• Haha it's so true, I'm so used to using my fingerprint/pin to access banking these days when a phone update means I need to re-enter my passphrase it can be a struggle sometimes. I'm sure they'll figure out a way to extract DNA from our breath soon enough and passwords/pins even fingerprints will be so 2020 lol

        • If you want to you can use your fingerprint or face recognition to unlock the password manager. Every now and then it will ask for the master password again.

          Use a 2FA app as the primary method instead of SMS codes when the website allows you to. Put the SMS codes as a secondary backup. Some password managers can also generate 2FA codes. There are standalone 2FA apps called Microsoft Authenticator and Authy.

          Physical Yubikeys can be used too.

          You can use auto-fill or copy and paste to enter the password.

          You can login to your password manager vault on the web. In those situations it's recommended to use a 1 time backup code and not to use your master password on someone else's device.

  • Really depends on how you use your passwords and how you want to secure them.

    KeePass - free/open source but you need to manage backups/storage. You can get it working with apps on your phone (some free/some paid)
    LastPass1Password/Dashlane/Bitwarden - free (but limited features) and paid plans. They store your passwords, they have apps for phones/extensions for browsers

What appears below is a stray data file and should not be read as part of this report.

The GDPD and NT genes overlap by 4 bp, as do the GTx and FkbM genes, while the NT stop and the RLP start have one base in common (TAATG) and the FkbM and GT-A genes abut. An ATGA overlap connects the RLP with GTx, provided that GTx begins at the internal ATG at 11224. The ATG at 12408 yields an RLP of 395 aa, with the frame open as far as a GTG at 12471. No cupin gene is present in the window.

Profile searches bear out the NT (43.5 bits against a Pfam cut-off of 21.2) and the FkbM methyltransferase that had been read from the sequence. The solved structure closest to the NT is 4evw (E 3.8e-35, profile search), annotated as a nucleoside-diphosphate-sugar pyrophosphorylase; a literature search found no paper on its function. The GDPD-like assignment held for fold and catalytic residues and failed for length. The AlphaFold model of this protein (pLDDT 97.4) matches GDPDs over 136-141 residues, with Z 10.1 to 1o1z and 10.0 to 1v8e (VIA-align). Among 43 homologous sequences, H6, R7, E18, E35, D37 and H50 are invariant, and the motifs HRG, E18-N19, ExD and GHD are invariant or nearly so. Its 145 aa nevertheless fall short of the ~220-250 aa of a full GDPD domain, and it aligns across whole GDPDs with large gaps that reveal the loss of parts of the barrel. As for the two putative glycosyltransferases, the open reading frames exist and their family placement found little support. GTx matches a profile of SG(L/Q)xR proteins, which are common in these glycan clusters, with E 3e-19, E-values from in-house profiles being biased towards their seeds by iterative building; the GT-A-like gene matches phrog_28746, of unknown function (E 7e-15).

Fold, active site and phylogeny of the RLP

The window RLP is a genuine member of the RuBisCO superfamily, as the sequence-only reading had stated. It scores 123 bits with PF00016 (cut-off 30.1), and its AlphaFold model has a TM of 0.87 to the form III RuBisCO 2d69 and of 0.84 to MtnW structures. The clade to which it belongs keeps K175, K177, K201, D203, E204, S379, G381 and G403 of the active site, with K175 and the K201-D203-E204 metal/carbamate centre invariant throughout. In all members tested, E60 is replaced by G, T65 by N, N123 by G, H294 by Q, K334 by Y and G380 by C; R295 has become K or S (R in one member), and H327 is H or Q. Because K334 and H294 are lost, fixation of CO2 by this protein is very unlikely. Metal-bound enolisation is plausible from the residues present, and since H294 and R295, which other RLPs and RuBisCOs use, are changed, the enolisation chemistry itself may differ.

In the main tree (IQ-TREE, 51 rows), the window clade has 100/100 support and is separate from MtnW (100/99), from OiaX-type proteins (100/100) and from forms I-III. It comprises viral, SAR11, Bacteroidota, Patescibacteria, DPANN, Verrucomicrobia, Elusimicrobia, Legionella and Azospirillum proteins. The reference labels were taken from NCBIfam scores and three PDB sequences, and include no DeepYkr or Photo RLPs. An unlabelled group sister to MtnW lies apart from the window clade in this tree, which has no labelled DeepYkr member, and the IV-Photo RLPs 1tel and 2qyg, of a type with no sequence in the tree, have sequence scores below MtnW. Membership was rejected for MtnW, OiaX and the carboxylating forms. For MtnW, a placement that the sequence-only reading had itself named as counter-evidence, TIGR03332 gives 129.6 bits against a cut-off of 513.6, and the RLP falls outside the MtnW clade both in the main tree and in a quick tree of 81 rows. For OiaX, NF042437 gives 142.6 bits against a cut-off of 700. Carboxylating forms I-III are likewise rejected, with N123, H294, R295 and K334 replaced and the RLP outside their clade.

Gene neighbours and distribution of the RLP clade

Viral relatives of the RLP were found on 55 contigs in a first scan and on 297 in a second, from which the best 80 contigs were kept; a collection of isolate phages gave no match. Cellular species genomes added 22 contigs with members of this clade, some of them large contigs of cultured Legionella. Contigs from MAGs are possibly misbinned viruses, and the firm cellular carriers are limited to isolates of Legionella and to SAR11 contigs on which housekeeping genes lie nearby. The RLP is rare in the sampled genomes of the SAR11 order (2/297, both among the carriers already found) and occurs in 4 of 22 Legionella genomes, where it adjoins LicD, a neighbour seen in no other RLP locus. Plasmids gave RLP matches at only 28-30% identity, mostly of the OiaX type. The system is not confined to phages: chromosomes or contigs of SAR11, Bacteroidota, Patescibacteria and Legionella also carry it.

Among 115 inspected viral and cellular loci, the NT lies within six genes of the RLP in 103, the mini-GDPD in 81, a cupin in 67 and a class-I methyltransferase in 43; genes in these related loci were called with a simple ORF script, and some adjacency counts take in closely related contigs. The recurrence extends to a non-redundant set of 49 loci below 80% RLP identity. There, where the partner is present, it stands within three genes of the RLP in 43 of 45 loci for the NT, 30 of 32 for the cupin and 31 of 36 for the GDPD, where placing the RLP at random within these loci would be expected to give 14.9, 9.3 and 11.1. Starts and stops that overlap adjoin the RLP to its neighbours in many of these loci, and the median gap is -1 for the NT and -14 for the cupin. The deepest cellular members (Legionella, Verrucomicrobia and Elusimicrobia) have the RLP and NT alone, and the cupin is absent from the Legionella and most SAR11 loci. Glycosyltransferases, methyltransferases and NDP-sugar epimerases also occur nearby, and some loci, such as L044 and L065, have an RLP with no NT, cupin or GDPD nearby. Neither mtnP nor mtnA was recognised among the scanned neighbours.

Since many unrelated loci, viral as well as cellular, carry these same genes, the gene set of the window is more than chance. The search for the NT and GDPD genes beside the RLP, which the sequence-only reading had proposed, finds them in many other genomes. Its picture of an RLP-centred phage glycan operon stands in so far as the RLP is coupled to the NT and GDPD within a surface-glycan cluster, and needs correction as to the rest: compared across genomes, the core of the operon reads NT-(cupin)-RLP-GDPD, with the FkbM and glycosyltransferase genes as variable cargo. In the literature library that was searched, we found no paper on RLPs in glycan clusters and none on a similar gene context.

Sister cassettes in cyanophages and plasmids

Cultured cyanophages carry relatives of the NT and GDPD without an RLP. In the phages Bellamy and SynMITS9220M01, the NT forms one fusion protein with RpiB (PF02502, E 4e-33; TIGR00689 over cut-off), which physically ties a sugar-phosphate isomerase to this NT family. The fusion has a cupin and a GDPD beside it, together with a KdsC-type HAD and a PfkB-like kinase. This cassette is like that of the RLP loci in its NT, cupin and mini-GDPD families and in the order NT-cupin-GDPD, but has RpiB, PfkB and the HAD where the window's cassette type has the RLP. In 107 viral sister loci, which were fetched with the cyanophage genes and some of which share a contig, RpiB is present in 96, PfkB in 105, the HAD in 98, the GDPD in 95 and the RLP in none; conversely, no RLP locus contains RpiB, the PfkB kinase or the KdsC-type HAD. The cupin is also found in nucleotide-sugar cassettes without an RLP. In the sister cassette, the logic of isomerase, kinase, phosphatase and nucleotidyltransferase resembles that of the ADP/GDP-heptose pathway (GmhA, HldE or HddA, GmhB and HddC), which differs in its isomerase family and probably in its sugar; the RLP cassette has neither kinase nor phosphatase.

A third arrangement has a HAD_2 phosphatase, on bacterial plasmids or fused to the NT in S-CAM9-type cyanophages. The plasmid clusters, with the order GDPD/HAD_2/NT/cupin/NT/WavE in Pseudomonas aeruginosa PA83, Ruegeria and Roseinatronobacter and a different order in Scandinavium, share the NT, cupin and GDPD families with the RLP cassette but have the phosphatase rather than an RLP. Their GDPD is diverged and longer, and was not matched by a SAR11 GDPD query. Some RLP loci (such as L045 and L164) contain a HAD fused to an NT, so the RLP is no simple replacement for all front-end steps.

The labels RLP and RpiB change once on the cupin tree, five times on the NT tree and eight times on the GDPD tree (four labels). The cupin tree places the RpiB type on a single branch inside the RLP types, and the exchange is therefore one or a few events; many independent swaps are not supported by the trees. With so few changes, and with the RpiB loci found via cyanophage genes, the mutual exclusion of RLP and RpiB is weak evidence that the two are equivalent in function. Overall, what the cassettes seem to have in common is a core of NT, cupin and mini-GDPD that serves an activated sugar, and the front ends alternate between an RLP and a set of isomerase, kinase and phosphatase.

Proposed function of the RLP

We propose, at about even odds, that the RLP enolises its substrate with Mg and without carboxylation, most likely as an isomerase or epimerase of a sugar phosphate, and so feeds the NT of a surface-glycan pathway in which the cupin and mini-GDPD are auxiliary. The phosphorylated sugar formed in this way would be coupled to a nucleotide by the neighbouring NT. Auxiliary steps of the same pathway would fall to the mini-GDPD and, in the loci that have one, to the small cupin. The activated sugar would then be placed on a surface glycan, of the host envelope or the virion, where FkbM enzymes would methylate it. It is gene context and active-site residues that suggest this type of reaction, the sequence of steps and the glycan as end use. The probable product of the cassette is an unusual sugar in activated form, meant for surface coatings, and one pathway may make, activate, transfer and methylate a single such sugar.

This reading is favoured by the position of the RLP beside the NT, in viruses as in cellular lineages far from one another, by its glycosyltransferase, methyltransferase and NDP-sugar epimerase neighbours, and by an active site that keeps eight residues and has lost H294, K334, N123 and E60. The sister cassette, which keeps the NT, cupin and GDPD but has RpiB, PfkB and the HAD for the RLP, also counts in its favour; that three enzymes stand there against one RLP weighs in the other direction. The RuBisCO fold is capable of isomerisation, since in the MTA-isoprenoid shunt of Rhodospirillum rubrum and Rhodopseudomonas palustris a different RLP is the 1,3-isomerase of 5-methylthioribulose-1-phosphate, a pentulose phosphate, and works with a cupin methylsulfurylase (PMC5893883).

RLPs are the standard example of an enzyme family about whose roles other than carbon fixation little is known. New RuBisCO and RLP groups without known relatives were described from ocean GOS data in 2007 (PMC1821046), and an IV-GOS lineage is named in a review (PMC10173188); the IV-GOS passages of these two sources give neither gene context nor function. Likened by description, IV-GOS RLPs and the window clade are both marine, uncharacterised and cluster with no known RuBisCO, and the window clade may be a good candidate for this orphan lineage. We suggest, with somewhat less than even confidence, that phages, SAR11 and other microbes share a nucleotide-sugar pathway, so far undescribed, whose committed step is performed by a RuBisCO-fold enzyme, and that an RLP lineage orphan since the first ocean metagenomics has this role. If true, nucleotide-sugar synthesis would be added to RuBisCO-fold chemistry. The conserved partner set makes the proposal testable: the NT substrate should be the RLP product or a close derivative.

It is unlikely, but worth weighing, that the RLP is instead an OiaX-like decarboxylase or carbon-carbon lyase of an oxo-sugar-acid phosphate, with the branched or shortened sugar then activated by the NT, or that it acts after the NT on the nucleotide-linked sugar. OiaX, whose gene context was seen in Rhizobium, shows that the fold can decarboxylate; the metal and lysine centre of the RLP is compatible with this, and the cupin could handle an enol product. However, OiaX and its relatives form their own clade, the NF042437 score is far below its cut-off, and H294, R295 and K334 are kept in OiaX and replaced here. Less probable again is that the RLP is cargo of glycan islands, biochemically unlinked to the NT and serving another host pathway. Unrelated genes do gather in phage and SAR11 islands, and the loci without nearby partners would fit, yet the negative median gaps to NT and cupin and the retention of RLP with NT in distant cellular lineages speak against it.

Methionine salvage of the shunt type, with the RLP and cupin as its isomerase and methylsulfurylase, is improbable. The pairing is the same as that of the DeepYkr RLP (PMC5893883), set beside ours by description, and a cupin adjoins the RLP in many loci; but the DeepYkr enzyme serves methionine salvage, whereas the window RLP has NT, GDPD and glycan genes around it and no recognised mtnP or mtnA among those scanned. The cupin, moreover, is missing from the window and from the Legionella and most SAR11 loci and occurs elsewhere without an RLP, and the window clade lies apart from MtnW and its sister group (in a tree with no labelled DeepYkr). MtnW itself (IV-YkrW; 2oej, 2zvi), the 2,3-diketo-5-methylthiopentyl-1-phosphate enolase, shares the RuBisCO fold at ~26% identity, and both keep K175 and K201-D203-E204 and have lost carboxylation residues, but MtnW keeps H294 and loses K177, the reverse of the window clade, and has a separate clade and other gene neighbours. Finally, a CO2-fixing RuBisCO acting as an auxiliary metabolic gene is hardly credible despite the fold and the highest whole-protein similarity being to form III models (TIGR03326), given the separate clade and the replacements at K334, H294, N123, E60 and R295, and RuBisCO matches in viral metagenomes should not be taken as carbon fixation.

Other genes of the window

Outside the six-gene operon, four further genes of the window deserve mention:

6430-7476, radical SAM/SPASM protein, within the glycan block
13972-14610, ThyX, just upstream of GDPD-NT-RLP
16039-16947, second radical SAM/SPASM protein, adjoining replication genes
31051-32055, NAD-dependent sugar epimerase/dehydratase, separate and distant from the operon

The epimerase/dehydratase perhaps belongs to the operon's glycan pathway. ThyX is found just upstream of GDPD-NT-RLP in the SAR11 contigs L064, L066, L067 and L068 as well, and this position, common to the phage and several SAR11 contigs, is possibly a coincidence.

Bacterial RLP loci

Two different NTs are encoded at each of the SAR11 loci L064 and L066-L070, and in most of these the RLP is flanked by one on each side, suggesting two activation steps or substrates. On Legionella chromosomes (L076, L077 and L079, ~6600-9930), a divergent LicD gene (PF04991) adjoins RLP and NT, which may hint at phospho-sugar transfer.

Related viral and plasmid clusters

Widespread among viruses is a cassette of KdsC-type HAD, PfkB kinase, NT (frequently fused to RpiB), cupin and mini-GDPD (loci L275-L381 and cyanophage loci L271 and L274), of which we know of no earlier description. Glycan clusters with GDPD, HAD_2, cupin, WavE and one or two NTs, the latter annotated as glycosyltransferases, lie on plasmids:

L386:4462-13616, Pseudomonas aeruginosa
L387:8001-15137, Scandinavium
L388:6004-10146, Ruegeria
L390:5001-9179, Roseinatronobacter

Bitwarden (self hosted) - free. Your servers stores your passwords, they have apps for phones/extensions for browsers

    I personally l think the choice is more about how techy you are and how much control you want over where your data is stored. What I'd recommend for a tech is very different to what I'd recommend to my grandmother!

    Personally I like KeePass - but that suits my style of working…

    And yes, totally agree with using 2FA/MFA on every account you can, especially your primary email account. Its the gateway to so many other accounts. I suggest the app "Authy" (for TOTP MFA) as a cross between usability and recoverability and security.

    • Yes I use 2fa on most important stuff if it's available that's why them trying to get control of my phone alarmed me so much with that generally being the 2nd factor.
      I'm far from being a techie but I'm fairly proficient and don't mind spending time getting it set up properly, I don't have my own server so I'd want cloud backup & once it's set up the simpler it is to use ie automatically filling in passwords when needed or at least a popup that auto opens for me to copy paste would be ideal.
      Being able to access the passwords through a web portal would also be a huge plus for any situation where I don't have access to my phone/tablet.
      Thanks again, Trent

      • If you want web portal/cloud backup you're pretty pushed into using one of the paid ones - bitwarden, dashlane, 1password or lastpass (or other smaller companies). Either on a paid plan or on the free plan… and live with the restrictions on the free plan. I've used lastpass for work and its been good. But for me I'd probably go with 1password if I was going to go with an online password manager. Both Lastpass and 1password have web portal

    • I'm also a long time user of Keepass, but like you, I wouldn't necessarily recommend it to everyone. I've been trying to get the wife and son to use a password manager and still haven't made any headway yet. If I started them on Keepass, I'd probably never succeed.